January 4, 2016 Gene Luen Yang Named Fifth National Ambassador For Young People's Literature, 2016–2017
Yang Champions Diversity with his Platform, “Reading Without Walls”
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The Library of Congress, the Children's Book Council (CBC) and Every Child a Reader (ECAR) have announced the appointment of Gene Luen Yang, Printz Award winner and two-time National Book Award finalist, as the National Ambassador for Young People's Literature.
The program was established by the three organizations in 2008 to highlight the importance of young people's literature as it relates to lifelong literacy, education and the development and betterment of the lives of young people. Yang will travel nationwide over the course of his two-year term promoting his platform, "Reading Without Walls," showing kids and teens that reading is a vital part of their lives and speaking to parents, teachers, librarians—everyone invested in young people's literacy—about how better to connect with kids and teens and help them love reading. Yang succeeds beloved and esteemed authors Jon Scieszka (2008-2009), Katherine Paterson (2010-2011), Walter Dean Myers (2012-2013) and Kate DiCamillo (2014-2015) in the position. Gene Luen Yang is the first graphic novelist to be named National Ambassador for Young People's Literature.
The inaugural ceremony, presided over by acting Librarian of Congress David S. Mao and featuring both Yang and DiCamillo, will take place on Thursday, Jan. 7 at 11 a.m. in room LJ-119 of the Library of Congress Thomas Jefferson Building, 10 First St. S.E., Washington D.C. The event is open to the public; no tickets are required.
"I'm thrilled and humbled to be appointed National Ambassador for Young People's Literature. Reading breaks down the walls that divide us. By reading, we get to know people outside of our own communities," said Yang. "We gain knowledge others don't expect us to have. We discover new and surprising passions. Reading is critical to our growth, both as individuals and as a society. The Library of Congress, Children's Book Council and Every Child a Reader all empower people by getting them to read. I'm honored to take up that mission myself and to carry on the amazing work of the ambassadors before me," he said.
"Gene Yang is a talented writer. He is a brilliant artist. His stories are thought-provoking, genre-bending, utterly original examinations of the human heart. In short, Gene Yang is a renaissance man. I am so honored to pass the torch of this sacred task to Gene. No one is better suited for bringing us all together," said Kate DiCamillo, two-time Newbery Award winner and National Ambassador for Young People's Literature Emeritus.
"What an inspired choice the selection committee has made in Gene. He is a brilliant storyteller who makes meaningful and profound connections with readers of all ages. And he has been a de facto ambassador for reading, inclusion and graphic novels for years. I can't think of anyone better than Gene to break down the walls stopping people from becoming lifelong lovers of reading," said Jon Yaged, president and publisher of Macmillan Children's Publishing Group, Yang's publisher.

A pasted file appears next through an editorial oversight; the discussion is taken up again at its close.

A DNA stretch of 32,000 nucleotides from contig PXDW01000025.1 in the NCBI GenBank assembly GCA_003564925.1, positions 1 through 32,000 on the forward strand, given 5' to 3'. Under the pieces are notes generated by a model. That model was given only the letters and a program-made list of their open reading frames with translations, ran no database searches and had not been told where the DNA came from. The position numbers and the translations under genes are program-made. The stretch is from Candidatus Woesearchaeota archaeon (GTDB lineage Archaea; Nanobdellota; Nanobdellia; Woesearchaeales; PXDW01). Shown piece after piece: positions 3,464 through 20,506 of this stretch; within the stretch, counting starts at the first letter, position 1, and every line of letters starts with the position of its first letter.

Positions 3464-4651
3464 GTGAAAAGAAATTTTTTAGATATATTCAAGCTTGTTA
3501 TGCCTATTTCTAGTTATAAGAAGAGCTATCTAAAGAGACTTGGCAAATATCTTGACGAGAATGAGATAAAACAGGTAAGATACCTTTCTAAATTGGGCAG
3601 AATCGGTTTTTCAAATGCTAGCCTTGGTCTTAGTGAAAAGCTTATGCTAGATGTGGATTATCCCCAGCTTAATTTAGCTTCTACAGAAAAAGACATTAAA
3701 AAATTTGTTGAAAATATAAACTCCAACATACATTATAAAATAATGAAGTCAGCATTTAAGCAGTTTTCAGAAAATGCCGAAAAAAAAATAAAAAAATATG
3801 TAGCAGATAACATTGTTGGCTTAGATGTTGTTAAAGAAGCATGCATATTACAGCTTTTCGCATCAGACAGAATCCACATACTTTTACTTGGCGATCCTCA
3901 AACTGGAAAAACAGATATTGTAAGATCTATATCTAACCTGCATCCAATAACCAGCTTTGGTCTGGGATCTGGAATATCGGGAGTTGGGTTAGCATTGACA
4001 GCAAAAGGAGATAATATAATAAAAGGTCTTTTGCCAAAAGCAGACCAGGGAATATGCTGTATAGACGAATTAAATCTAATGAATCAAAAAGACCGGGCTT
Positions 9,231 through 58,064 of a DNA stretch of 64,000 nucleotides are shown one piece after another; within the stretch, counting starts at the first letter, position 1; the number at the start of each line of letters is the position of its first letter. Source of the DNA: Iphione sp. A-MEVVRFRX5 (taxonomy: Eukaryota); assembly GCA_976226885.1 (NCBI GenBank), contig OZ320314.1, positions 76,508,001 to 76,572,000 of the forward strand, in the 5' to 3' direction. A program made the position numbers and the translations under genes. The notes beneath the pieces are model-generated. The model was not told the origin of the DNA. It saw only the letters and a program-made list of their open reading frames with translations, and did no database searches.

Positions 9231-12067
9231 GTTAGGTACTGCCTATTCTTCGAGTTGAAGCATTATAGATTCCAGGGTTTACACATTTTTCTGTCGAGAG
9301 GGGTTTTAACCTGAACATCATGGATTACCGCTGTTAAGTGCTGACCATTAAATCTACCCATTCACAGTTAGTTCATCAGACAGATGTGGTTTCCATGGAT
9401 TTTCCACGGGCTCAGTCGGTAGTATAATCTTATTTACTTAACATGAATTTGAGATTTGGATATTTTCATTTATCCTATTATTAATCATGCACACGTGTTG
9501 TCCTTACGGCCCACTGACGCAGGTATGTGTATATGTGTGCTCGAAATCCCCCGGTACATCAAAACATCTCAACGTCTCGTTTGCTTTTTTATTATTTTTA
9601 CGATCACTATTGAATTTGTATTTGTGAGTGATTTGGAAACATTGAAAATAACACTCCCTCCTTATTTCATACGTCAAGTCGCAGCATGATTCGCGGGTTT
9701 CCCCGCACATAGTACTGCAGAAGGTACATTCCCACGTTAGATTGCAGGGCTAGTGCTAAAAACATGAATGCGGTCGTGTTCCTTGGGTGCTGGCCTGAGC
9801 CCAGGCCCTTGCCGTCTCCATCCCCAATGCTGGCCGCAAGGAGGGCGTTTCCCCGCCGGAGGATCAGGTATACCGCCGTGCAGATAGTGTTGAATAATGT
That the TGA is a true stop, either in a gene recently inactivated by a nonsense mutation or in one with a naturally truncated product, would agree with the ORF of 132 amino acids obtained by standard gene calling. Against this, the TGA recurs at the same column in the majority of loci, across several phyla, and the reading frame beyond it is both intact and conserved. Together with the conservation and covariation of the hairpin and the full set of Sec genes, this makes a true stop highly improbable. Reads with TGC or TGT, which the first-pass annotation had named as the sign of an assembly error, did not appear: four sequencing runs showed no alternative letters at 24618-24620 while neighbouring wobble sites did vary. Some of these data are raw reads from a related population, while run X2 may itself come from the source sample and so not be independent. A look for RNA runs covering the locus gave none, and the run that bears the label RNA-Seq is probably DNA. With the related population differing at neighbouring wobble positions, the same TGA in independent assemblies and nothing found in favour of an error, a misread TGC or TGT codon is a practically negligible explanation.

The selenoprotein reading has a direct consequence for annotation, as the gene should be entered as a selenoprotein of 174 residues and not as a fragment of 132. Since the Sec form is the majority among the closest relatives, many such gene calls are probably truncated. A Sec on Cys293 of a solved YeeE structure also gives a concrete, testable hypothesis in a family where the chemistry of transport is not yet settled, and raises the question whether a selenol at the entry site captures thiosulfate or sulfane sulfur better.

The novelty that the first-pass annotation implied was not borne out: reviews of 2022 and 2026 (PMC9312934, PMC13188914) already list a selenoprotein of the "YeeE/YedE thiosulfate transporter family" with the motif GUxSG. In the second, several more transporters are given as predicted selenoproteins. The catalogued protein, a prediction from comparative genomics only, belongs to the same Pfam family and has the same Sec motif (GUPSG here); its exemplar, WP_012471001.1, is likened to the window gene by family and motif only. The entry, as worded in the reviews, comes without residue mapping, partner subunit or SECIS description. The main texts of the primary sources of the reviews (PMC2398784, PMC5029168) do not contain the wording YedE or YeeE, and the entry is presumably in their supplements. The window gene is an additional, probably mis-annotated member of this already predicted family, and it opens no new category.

"We are thrilled that Gene Luen Yang has agreed to be the new National Ambassador for Young People's Literature," said John Y. Cole, director of the Center for the Book (CFB) at the Library of Congress, which administers the ambassador program with the Children's Book Council. "Gene's message of inclusion and acceptance of all people is especially relevant today. The Library of Congress looks forward to the next two years of Gene's promotion of reading and literacy among young people."
Jon Colman, executive director of the CBC added, "We couldn't be more pleased with the selection of Gene Luen Yang as the next ambassador. He embodies everything that we look for in this position and we can't think of a more fitting person to be representing young people's literature over the next two years."
The National Ambassador is selected for his or her contributions to young people's literature, the ability to relate to kids and teens, and a dedication to fostering children's literacy as a whole. The selection is based on recommendations from a CBC-ECAR-CFB-appointed committee comprising educators, librarians, booksellers and children's literature experts.
The Library of Congress Center for the Book, established by Congress in 1977 to "stimulate public interest in books and reading," is a national force for reading and literacy promotion. A public-private partnership, it sponsors educational programs that reach readers of all ages through its affiliated state centers, collaborations with nonprofit reading promotion partners and through the Young Readers Center and the Poetry and Literature Center at the Library of Congress. For more information, visit read.gov.
The Library of Congress, the nation's first-established federal cultural institution and the largest library in the world, holds more than 160 million items in various languages, disciplines and formats. The Library serves the U.S. Congress and the nation both on-site in its reading rooms on Capitol Hill and through its award-winning website at loc.gov.